Home Strategy Assange may be handed over to UK this week: report
Assange may be handed over to UK this week: report Featured

The president of Ecuador, Lenin Moreno, has either finalised, or is about to finalise, an agreement with the UK to end the asylum protection for WikiLeaks publisher Julian Assange even as early as this week, The Intercept reports.

The website's editor, Glenn Greenwald, wrote that Moreno had begun an unofficial visit to London on Friday during which it was claimed things would be finalised to hand over Assange to British authorities.

Moreno is also due to visit Spain which had taken strong objection to Assange's criticism of alleged human rights abuses by Spain at the time when Catalonia launched protests for independence. Ecuador has blocked Assange from the Internet for the last three months, with his intervention in the Catalonia affair reportedly being the reason.

Ecuador signed a security agreement with the US in May, a sharp move away from policies pursued by the previous government led by Rafael Correa.

Greenwald wrote: "It is thus highly unlikely that Moreno — who has shown himself willing to submit to threats and coercion from the UK, Spain and the US — will obtain a guarantee that the UK not to extradite Assange to the US, where top Trump officials have vowed to prosecute Assange and destroy WikiLeaks."

In April, Assange lost a bid in court to get an UK arrest warrant against him dropped.

The Australian has been taking refuge in the Ecuadorian embassy in London since June 2012.

His problems began when he visited Sweden in August 2010 to attend a conference where he was scheduled to give a talk. During that visit, he had sex with two women whom he met. The pair filed rape and molestation complaints against him later, claims that he denied.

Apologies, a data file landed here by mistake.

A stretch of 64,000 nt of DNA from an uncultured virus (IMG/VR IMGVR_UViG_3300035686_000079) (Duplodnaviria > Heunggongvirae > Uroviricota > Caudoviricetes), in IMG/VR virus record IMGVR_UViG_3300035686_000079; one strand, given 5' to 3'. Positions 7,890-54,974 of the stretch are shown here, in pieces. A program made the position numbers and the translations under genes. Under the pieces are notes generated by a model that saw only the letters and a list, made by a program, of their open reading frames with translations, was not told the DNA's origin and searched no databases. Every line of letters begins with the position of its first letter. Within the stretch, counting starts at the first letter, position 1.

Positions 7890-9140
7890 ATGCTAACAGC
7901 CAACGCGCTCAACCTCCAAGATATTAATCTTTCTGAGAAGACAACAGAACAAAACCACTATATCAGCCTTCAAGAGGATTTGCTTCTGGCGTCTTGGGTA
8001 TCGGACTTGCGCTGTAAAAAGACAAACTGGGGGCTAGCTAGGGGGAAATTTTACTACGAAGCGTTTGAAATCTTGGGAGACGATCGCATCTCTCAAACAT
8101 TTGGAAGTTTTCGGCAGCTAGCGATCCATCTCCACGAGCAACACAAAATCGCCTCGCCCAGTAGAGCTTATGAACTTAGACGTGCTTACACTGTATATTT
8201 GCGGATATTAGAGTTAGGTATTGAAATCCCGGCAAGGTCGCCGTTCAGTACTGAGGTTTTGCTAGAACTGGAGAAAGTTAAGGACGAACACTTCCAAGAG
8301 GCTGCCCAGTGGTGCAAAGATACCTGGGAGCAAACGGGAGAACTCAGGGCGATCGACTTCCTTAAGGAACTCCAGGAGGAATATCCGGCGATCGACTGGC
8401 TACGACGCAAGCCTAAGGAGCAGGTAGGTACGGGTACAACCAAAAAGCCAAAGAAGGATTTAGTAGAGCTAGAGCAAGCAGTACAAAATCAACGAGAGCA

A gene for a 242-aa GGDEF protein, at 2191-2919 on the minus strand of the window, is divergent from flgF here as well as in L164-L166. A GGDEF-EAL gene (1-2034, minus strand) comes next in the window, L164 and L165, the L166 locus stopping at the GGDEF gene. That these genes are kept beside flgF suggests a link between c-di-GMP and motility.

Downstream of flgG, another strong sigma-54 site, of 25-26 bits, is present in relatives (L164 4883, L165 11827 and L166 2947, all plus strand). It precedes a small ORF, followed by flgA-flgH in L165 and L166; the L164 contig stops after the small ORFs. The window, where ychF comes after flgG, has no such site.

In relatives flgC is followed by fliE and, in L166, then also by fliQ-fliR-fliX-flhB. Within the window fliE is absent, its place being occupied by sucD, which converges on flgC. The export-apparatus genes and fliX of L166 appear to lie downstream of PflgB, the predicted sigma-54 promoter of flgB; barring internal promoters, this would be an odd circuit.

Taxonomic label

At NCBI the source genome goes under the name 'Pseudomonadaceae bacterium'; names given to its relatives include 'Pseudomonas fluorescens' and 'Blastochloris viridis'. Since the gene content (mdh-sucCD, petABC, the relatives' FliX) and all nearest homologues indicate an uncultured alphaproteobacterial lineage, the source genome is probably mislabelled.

He was questioned by Swedish authorities and cleared of all accusations. He could have left the country then and there but stayed for a while, in case the authorities decided to question him again.

Interpol issued a Red Notice for his arrest on 20 November 2010. On 27 November, Assange surrendered to authorities and appeared before a Westminster judge. Bail was granted to him in December after his backers provided £240,000 in cash and sureties.

Then began a protracted period of legal back and forth that went on until June 2012, when Swedish prosecutors sought his extradition.

Assange's lawyers, among them the world-renowned Australian Geoffrey Robertson, replied that if he agreed to the extradition request, then he could be flown to the US from there.

On 19 June 2012, he jumped bail and took refuge in the Ecuadorian embassy, seeking asylum in the South American country. British police surrounded the building and blocked any chance of his leaving.

Ecuador granted him asylum in August 2012. He has had to stay inside the four walls of the embassy since then. He was recently granted Ecuadorian citizenship.

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Sam Varghese

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Sam Varghese has been writing for iTWire since 2006, a year after the sitecame into existence. For nearly a decade thereafter, he wrote mostly about free and open source software, based on his own use of this genre of software. Since May 2016, he has been writing across many areas of technology. He has been a journalist for nearly 40 years in India (Indian Express and Deccan Herald), the UAE (Khaleej Times) and Australia (Daily Commercial News (now defunct) and The Age). His personal blog is titled Irregular Expression.

 

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